In 2003, the team played 22 of its home games at Hiram Bithorn Stadium in San Juan, Puerto Rico, despite having the highest percentage attendance increase in 2002 (from 7,935 per game to 10,025) and placing second in the National League East. Despite being a considerably smaller facility (it seats approximately 19,000) than Montréal's Olympic Stadium, San Juan's Hiram Bithorn Stadium regularly outdrew the attendance in Montréal. Thanks in part to the San Juan games, the Expos were able to draw over a million fans at home in 2003 for the first time since 1998.
Led by Vladimir Guerrero, the 2003 Expos were part of a spirited seven-team Wild Card hunt as late as August 28. However, MLB led by Bud Selig, in what ESPN's Peter Gammons called "a conflict of interest", decided that it could not afford an extra $50,000 to call-up players from its minor leagues. The budget was some $35 million dollars. All teams have this right around the end of August. This doomed any hopes of reviving the franchise. Omar Minaya, the General Manager later said, "Baseball handed down a decree.” They would not be allowed to call up players from the minors on Sept. 1 like every other team in the game, as it was deemed too expensive. They would have to make do with what they had. The heart went out of the Expos that day. "It was a message to the players," Minaya said. "It was a momentum killer." He also stated:
- They're a tough group of guys. You cannot ever forget 2003; they were as good as the Marlins, who won the World Series. But nobody knows this because nobody saw Montréal in 2003. What killed us was not getting the call-ups.
Orlando Cabrera, who had been the Expos' shortstop, cited that development as a reason he didn't want to remain with the team. 
Fan attendance dropped off, and the Expos went 12–15, finishing eight games out of the Wild Card.
The Players' Union initially rejected continuing the San Juan arrangement for the 2004 season, but later relented. Meanwhile, MLB actively looked for a relocation site. Some of the choices included Washington D.C., San Juan, Monterrey, Mexico, Portland, Oregon, Northern Virginia, and Norfolk, Virginia. In the decision-making process, Selig added Las Vegas, Nevada to the list of potential Expos homes.
On September 29, 2004, MLB officially announced that the Expos franchise would move to Washington, D.C. in 2005. The move was approved by the owners of the other teams in a 29–1 vote on December 3 (Baltimore Orioles owner Peter Angelos cast the sole nay vote). On November 15, 2004, a lawsuit by the former team owners against MLB and former majority owner Jeffrey Loria was struck down by arbitrators, ending legal moves to keep the Expos in Montréal.
For the history of the franchise after its move to Washington, see Washington Nationals.
- On April 14, 1969, Mack Jones hit a three-run home run and two-run triple that highlighted an 8–7 win over the St. Louis Cardinals in the Expos' first home victory as a franchise at Jarry Park. Jones' blast was also the first MLB home run hit outside the United States.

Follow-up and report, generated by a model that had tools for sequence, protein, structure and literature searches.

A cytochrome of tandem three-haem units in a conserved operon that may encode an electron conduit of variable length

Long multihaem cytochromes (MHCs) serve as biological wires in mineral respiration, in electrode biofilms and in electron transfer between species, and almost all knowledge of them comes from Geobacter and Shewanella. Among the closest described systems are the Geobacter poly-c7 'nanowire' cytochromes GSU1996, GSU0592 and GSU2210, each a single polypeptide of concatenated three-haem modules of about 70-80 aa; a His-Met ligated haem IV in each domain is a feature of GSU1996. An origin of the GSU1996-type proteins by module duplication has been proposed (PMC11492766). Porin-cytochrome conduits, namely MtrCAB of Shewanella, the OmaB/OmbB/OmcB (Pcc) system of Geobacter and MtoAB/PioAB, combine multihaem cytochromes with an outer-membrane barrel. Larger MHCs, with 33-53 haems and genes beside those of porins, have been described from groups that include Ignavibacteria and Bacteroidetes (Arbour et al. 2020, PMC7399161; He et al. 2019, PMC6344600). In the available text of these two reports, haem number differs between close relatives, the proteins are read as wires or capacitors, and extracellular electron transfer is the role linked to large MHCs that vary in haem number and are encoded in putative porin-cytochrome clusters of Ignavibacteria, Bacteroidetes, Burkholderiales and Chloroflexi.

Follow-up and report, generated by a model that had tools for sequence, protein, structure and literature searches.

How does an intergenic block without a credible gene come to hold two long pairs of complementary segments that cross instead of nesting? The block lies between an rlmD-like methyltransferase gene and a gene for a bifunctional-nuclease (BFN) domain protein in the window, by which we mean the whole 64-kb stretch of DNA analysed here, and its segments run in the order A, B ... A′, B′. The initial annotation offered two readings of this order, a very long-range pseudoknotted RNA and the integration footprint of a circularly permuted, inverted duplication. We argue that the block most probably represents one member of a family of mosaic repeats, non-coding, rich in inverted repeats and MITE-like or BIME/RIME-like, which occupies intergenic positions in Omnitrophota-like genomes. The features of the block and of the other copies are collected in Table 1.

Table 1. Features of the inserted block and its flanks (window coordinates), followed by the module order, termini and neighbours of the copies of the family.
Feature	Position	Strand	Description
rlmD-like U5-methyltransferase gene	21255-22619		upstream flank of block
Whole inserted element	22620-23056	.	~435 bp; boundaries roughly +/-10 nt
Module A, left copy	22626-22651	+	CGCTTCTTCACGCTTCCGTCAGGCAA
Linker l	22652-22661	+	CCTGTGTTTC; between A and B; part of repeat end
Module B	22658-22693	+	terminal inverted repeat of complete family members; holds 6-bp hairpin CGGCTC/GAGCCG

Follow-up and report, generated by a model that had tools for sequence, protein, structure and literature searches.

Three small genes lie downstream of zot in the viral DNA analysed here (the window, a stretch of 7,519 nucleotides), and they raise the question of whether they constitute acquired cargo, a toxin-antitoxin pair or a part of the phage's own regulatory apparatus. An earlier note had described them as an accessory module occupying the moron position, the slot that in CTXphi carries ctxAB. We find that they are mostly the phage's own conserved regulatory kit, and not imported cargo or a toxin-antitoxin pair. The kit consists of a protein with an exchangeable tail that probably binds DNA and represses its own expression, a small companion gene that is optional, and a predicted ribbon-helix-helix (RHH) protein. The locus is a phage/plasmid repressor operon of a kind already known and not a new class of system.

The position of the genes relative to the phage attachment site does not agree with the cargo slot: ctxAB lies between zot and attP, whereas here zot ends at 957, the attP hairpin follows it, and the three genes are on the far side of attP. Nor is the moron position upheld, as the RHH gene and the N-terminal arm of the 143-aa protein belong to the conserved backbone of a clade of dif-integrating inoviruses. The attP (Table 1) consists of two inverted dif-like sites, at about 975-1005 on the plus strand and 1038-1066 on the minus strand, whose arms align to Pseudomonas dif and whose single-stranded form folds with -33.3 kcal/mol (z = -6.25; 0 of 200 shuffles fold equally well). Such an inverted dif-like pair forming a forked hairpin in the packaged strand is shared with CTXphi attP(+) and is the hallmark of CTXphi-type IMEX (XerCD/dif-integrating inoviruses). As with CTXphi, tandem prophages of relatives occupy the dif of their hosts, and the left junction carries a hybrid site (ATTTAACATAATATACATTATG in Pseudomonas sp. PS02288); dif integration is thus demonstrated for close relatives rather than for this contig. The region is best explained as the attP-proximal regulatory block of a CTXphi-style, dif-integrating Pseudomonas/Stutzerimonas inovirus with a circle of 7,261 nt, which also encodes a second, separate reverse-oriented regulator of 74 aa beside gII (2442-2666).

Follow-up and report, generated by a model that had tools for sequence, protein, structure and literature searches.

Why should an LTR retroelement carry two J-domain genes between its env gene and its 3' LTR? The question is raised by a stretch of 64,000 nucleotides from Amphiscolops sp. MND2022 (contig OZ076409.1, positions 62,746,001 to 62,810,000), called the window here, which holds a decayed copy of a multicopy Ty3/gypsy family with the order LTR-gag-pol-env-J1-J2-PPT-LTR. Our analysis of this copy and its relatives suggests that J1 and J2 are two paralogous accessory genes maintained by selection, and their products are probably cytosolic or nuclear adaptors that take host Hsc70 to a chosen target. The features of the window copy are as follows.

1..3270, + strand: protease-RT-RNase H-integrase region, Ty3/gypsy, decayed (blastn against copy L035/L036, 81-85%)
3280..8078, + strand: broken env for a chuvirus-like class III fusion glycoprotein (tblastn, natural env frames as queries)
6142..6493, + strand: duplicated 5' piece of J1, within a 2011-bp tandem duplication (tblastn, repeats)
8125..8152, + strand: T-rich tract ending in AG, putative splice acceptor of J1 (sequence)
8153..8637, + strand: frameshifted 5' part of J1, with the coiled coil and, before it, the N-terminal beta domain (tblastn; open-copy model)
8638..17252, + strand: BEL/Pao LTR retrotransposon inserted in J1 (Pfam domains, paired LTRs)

- Three days later, on April 17, in just the franchise's ninth game in existence, Bill Stoneman pitched a 7–0 no-hitter against the Philadelphia Phillies at Connie Mack Stadium.
- On October 2, 1972, Stoneman pitched his second career no-hitter (the final score of this one was also 7–0) in the first game of a doubleheader against the New York Mets. The no-hitter was the first ever pitched outside the United States.
- On July 13, 1982, the All-Star Game moved across the border and was played in Montréal's Olympic Stadium. It was the first Midsummer Classic ever to be held outside of the United States. The National league won 4–1 before a crowd of 59 057. Steve Rogers was the winning pitcher and Dennis Eckersley took the loss. Dave Concepcion was named MVP. Five players represented the Expos on the National League squad: Gary Carter, Steve Rogers, Andre Dawson, Tim Raines and Al Oliver.
- On July 28, 1991, In a 2–0 victory, Dennis Martinez pitched a perfect game against the Los Angeles Dodgers at Dodger Stadium.
- On September 29, 2004, hours after the announcement of the impending move to Washington, the Expos played their final game in Montréal, a 9–1 loss to the Florida Marlins before 31,395 fans at Olympic Stadium.
- On October 2, 2004, the Expos win their last game in franchise history, defeating the New York Mets 6–3. Brad Wilkerson hit the last home run in Expos history in the 9th inning, his 32nd of the year.
- On October 3, 2004, the New York Mets defeated Montréal 8–1 at Shea Stadium, in the final game the franchise existed as the Montréal Expos. Jamey Carroll scored the last Expos run and Endy Chavez became the final Expo batter in history when he singled out in the top of the ninth to end the game. Ironically, it was at Shea Stadium where the Expos played their first ever game in 1969.
Players of note
Not to be forgotten
- 8 Gary Carter
- 10 Andre Dawson and Rusty "Le Grand Orange" Staub
- 30 Tim Raines
- 42 Jackie Robinson (retired throughout baseball)
Note: The Washington Nationals did not retain these numbers as retired after the franchise moved in 2004. On October 18, 2005, the Montréal Canadiens honored the departed team by raising an Expos commemorative banner, which lists the retired numbers, to the rafters of the Bell Centre.
Some notable broadcasters
- Jacques Doucet (1969–2004)
- Dave Van Horne (1969–2000) - continued with the Florida Marlins
- Duke Snider (1973–1986)
- Tommy Hutton 1982–1986
- Don Drysdale (1970–1971)
- Gary Carter (1997–1999)
- Elliot Price (2001–2004) - could not continue as radio broadcaster when the team moved to Washington, D.C., because allegedly immigration and visa issues prevented him coming to the United States. He now works for the TEAM 990, a Montréal sports radio station.
- La Defense de Montréal - Voros McCracken's notes on the meddling by ownership and Major League Baseball that killed the Expos in Montréal.
- 1985 Expos - Radio highlights from the 1985 season on AM-60, including "The Heat is On" Expos-mix.
- Encore Baseball Montréal- Encore Baseball Montréal is a non-profit organization that aims to be the voice of baseball fans in order to keep up the interest in baseball in the province of Quebec
- exposhistory.org - Valderi-Valdera! Les Expos Sont Là! It's Up, Up, & Away! A site dedicated to the history of the Montréal Expos. See every day in Expos history, including scores/box scores, day-to-day standings, transactions and more.